Six historic property owners in Cherokee County — including two in Woodstock — were recognized for their outstanding work in historic preservation recently, during the annual Historic Preservation Awards Banquet.
Awards are given by History Cherokee to encourage and educate the community about the benefits of protecting the county’s unique history. Properties are judged by the attention given to preserving historic features and maintaining the integrity of initial design.
The 2021 Winners
• Grogan House, Woodstock
Reputedly built by Charles James Grogan around 1917, the wood frame house features a stone foundation and wood porches dating to the 1930s. The interior of the home contains original wide pine-plank flooring, chair rails and a chimney with “penciling” paint still visible. The current owner, Patrick Hurley, purchased the property in 2017, and has added vintage wallpaper over
board-and-batten wood walls, and has refurbished an original clawfoot bathtub in one of the bathrooms.
• Bakner Manufacturing Building, Canton
Built circa late-1930s/early-1940s, the two-story structure formerly housed the Cherokee Poultry Chick Hatchery, B&T Feeds and B&L Feed Co. Current owner Matthew Wagner renovated the structure for his own company, Bakner Manufacturing, which produces gloves utilized in poultry processing. Interior features of the structure include the original windows, wood floors and freight elevator. The upper level of the building features a unique barrel vault ceiling, rarely seen in an industrial building of this size.
• The Mill at Etowah, Canton
Current owners Penn Hodge and Grant Schmeelk’s vision for creating the Mill on Etowah development included retaining as many original features as possible, while adding updated elements, such as an entertainment area and exterior restrooms as a means to attract people to the multipurpose venue. Built in 1900, the structure originally was Canton Cotton Mill #1, which operated until 1981. Today, the brick structure with a smoke stack retains its original sized windows, doorways and custom-made transoms, along with maple flooring, ceiling beams and wood columns.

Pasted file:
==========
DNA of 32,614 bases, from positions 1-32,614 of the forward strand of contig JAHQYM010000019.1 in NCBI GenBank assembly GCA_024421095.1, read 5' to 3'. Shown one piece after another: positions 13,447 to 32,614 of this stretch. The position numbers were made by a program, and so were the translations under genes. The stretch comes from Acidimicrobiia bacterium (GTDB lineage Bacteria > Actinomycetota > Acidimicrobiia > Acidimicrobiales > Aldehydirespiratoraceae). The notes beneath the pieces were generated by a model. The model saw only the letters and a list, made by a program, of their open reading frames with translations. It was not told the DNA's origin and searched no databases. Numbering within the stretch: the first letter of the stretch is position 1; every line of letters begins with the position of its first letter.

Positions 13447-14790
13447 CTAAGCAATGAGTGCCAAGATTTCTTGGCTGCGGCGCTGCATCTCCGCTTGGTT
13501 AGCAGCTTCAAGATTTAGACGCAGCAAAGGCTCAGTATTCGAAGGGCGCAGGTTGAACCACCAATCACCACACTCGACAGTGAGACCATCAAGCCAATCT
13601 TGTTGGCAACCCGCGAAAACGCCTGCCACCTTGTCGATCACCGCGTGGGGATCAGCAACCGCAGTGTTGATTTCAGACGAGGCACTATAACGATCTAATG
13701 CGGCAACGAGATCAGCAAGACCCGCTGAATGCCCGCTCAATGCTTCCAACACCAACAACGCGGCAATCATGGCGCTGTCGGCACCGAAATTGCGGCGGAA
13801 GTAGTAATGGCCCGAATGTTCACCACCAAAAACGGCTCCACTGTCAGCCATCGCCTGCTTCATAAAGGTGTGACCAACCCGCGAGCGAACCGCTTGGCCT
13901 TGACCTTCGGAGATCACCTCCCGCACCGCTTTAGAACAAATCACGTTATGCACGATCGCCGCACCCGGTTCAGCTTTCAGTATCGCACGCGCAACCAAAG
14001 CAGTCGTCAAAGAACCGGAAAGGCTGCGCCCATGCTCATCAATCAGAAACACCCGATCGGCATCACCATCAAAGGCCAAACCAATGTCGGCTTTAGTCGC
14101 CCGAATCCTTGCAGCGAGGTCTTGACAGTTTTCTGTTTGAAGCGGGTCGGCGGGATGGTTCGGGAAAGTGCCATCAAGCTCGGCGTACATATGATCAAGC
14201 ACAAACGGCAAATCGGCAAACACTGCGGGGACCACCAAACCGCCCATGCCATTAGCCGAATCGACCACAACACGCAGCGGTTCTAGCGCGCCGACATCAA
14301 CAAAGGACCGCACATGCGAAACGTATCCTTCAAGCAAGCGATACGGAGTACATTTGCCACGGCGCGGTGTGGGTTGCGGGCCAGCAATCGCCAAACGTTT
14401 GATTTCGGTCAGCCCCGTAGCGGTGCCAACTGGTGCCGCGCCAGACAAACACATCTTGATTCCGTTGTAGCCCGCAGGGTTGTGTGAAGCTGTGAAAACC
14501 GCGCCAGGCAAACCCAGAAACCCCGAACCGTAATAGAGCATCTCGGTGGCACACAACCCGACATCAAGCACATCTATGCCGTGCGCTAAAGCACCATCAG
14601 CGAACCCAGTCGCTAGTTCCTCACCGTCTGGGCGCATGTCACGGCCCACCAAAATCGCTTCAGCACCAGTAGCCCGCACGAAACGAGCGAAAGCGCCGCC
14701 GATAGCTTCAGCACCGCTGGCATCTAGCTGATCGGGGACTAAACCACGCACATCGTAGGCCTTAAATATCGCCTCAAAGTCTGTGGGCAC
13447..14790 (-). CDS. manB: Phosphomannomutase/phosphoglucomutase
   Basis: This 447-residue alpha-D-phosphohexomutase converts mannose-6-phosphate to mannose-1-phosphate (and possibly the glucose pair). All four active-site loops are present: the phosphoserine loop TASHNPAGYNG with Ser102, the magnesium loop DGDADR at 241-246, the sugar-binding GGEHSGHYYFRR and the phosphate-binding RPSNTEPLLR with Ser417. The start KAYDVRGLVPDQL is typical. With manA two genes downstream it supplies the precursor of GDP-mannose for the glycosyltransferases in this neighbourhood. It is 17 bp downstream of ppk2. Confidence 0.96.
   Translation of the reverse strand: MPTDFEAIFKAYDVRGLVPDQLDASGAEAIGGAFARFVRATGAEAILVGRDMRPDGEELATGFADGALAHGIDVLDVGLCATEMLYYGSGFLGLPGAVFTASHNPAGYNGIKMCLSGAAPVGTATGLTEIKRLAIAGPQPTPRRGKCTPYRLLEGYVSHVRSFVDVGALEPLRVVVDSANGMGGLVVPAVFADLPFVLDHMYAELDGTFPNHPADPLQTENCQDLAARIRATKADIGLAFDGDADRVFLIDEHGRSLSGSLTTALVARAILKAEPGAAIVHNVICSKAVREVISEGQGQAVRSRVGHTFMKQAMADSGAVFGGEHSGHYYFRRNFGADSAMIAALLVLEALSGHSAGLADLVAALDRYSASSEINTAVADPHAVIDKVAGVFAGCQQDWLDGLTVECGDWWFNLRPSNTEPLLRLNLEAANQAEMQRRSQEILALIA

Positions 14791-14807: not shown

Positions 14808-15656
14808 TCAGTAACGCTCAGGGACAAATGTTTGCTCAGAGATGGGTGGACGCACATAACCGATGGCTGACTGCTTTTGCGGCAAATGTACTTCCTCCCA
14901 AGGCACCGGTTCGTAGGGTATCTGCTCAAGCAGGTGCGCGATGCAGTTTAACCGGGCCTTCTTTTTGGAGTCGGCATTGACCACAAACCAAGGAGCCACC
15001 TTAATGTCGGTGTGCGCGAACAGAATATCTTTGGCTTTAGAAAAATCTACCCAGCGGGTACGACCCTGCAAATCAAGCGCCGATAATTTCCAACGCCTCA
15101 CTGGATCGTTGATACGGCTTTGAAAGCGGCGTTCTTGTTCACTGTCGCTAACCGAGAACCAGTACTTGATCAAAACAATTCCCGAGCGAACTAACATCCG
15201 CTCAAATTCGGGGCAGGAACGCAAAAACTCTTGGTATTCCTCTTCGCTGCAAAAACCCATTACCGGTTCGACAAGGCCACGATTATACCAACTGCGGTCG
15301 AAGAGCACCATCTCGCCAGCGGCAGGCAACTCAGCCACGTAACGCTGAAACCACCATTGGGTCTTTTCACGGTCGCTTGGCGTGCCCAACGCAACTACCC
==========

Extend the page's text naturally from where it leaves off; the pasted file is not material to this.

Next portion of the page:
• Old Sixes Schoolhouse, Sixes Community
Present day owners Steve Rich and Nathan Rich, of Construction Management Services, purchased the property in February. The first project of saving the historic structure included safely stabilizing the building, while maintaining and respecting its historic integrity. The structure was built in 1876, and served as a school for the Sixes community until it closed in 1950. The building features original heart pine flooring, wood walls, ceilings and an arched doorway between the two main rooms.
• Wofford-Watkins House, Ball Ground
This house was added to the Cherokee County Historical Society’s Sites Worth Saving list in 2016. Property owners Lee and Brittani Lusk are no strangers to saving history, having rehabilitated multiple properties. The house originally was built circa 1910-1920, and now is in operation as a restaurant, Lora Mae’s. The structure features original shiplap and plaster, heart pine flooring, as well as the original exterior siding, windows and doors.
• Granger Building, Woodstock
Built in 1914 as Chandler’s Funeral Service, the Granger building features the original Mesker iron works façade, solid brick walls, pine-plank flooring and upper-level ceiling rafters. The upper level features two different original brick walls, as well as the ghost line of the original staircase. The upper level of the building was utilized as casket storage for Chandler’s, but current owners Les Granger and the Granger family lease the space as a makers market to local vendors and artisans.